- Part 1: Top Four Tips To Scouting Now
- Part 2: Early Season Deer Stand Tips
- Part 3: Follow the Moon
- Part 4: Five Top Deer Gear Essentials
- Part 5: Five Top Backpacks
- Part 6: Essential Trail Camera Know-How
- Part 7: Making The Call
- Part 8: Keeping Warm
When it comes to scouting and whitetails, trail cameras are one of the best inventions ever created. Once consisting of a cheap plastic housing that held an actual camera and snapped images when triggered by motion, manufacturers were quick to respond to demand for tougher, more capable products. This came with technological improvements that began by incorporating integrated cameras that took still shots, evolved into cams that took both high-definition digital images and video, and today can network with other cameras to create virtual security systems on your plots and key deer trails and even send the images to you so you don’t need to regularly check them.
If you haven’t incorporated trail cameras into your pre-season and in-season scouting routine, you are missing out on a lot of intel that could fast-track your success in the deer woods this season. Here’s a before-to-after collection of tips to help you get the most out of your trail cam surveillance efforts; efforts that will hopefully help you fill your tag on one of the biggest bucks of your life.
You can’t be everywhere all the time, but your cameras can. What’s even better, where at one time $500 and $600 models were the norm, there are a number of properly working cameras that can be had for $100 or less, making it easier than ever to build up your collection and keep your eye on more ground. Follow these tips when setting up your cameras before the season ever starts.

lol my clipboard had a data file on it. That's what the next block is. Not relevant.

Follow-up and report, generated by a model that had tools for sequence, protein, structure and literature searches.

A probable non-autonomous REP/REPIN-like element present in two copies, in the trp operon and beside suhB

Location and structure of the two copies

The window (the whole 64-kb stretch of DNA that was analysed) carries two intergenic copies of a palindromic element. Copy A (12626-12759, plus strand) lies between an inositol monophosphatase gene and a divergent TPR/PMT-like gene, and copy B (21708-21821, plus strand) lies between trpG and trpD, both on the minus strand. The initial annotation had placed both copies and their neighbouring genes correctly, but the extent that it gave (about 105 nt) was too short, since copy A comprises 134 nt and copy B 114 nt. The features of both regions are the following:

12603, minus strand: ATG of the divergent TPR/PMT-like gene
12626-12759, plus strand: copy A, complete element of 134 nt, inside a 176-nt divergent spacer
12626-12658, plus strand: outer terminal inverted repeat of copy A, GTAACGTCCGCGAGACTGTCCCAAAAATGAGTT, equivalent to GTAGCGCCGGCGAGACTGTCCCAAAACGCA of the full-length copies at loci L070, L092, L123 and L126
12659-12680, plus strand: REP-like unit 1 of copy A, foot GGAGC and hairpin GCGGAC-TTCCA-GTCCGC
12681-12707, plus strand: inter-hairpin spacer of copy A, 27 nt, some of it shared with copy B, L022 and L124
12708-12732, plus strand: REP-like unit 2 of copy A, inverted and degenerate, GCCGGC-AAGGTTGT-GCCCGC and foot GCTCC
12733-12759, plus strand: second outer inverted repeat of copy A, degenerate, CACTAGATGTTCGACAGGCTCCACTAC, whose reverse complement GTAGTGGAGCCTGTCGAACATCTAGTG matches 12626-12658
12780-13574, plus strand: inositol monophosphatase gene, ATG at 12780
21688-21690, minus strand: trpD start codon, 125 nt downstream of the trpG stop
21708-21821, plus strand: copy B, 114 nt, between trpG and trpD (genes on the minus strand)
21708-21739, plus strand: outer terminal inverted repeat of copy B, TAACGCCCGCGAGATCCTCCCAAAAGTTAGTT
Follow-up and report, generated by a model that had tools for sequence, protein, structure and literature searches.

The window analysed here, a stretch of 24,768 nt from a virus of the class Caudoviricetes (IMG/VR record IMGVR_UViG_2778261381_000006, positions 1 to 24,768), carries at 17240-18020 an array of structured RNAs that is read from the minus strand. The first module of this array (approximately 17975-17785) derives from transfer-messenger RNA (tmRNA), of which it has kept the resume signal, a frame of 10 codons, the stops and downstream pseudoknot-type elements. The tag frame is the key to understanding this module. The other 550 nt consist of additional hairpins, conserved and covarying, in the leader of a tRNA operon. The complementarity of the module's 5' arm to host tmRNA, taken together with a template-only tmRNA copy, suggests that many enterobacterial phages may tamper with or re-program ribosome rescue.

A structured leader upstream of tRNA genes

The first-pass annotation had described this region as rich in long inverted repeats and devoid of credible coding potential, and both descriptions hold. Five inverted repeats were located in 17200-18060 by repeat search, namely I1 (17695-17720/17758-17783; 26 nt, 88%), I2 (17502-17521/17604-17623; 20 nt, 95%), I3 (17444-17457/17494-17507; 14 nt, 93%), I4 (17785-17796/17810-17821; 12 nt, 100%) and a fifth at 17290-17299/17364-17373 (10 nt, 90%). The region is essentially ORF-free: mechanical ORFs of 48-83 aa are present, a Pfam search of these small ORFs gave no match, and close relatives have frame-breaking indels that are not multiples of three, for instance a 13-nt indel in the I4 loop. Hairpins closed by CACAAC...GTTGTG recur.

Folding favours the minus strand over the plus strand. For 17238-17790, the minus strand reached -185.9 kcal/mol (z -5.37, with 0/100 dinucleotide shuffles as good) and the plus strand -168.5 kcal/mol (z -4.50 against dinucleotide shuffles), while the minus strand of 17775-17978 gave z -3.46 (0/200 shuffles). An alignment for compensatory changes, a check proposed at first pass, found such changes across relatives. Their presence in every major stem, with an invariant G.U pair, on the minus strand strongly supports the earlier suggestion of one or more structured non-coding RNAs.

- When setting cameras out for the first time in late summer or early fall, place cameras in those locations where deer typically move or where you’ve enjoyed success before. These include deer trails leading from thick cover into food plots or ag fields, along the edge where a cutover borders mature trees, where a fence has gaps and the wire has deer hair stuck in it, at a narrow crossing along an otherwise wider creek, etc., are all good options. If you’ve never hunted the land, look for areas where there are an abundance of tracks coming in and out of food plots or along trails and try that first. Check the same features mentioned above. Natural pinch points created by either terrain features or plant growth are always a good spot to try hanging a cam.
- If it is legal where you live, create a salt lick or hang a feeder. These both in the open and in the cover of woods can nab good results and will serve to congregate deer. Hang your cam facing where the deer will come in and feed for great shots of unhurried deer.
- Set cameras on a tree, fence post or even a pole or 2×4 driven into the ground, about 3- to 4-feet high and 30- to 40-feet off the spot you want the camera pointing. Test a unit before trusting how far the manufacturer says it will trigger. There are many claims about units triggering from farther away than they actually do. And even if a cam can trigger on movement as far out as 60 or 70 feet, you don’t want to be so far back that it fails to trigger when needed, nor so close that you get a bunch of pics of parts of deer.
Video is cool, but it also uses up tons more memory on your card and tends to trigger a tad slower than stills. For serious and reliable surveillance, most hunters still go with still shots.
- Unless your camera sends images to you via a cell service, check them only during the middle of the day in order to avoid spooking deer. Never swing by during prime movement time lest you begin reshaping deer patterns before the season has even begun. Another option is to check them well after dark.